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Remaking the Hot Dog

Remaking the Hot Dog

With baseball season fast approaching, there’s a pressing issue that goes beyond pitchers and catchers, squeeze bunts and any postseason predictions you might have.

What are we going to do about the hot dog?

hot-dogs.jpgAs you may have read recently, the American Academy of Pediatrics has called for a redesign of that most American of delicacies. Sure, a lot of us grew up eating them. They’ve long been a symbol of summer, the easy-to-grill, quick-to-eat meal that can get a little messy, okay — but what’s a little mustard around your mouth or in your seat? Well, there’s a bigger problem here. Hot dogs also pose a choking hazard, causing about 17% of food-related asphyxiations, according to the academy.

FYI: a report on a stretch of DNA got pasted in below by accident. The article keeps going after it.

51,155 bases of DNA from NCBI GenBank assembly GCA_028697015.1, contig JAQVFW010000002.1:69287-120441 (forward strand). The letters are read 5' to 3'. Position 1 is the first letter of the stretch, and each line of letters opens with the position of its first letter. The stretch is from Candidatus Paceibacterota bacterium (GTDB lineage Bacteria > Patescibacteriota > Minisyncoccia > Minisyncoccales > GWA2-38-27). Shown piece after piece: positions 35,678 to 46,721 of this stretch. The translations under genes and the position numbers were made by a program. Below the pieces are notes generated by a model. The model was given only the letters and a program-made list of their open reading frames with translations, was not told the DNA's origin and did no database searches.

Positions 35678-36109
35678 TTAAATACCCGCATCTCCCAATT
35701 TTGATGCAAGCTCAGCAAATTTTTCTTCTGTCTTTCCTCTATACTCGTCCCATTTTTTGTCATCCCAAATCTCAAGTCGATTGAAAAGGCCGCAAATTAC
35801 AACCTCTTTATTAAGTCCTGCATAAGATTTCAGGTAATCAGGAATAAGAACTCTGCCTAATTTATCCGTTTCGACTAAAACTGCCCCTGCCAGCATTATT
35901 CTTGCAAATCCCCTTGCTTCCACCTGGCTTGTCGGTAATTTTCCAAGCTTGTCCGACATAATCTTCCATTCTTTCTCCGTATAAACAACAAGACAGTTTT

"If you were to find the best engineers in the world and ask them to design the perfect plug for a child's airway, you couldn't do much better than the hot dog," Dr. Gary Smith, lead author of the AAP policy statement, told AOL News recently.

This isn’t a revelation. Of course hot dogs can get caught in your throat! So can a lot of foods. That’s why we’re taught to take small bites, and to chew thoroughly before swallowing. What’s next? Grapes? Popcorn? Actually, yes, and yes. The academy also called out foods like popcorn, grapes, nuts and raw carrots.

Not to downplay the seriousness of choking and other emergencies, but at a certain point you have to give way to consumer responsibility and education. Solving this problem should be up to the parents, not the food companies. If the mission is to make our food failsafe, pretty soon we’ll all be sucking mush from a straw.

On the plus side, some people have really taken the call for a redesign to heart, and the results are pretty entertaining. You’ve got versions that are coiled, hollow in the middle, notched on both sides, and my favorite — the half-pipe design with a reservoir for condiments. Because if you’re going to change the hot dog, at least leave more room for mustard and ketchup.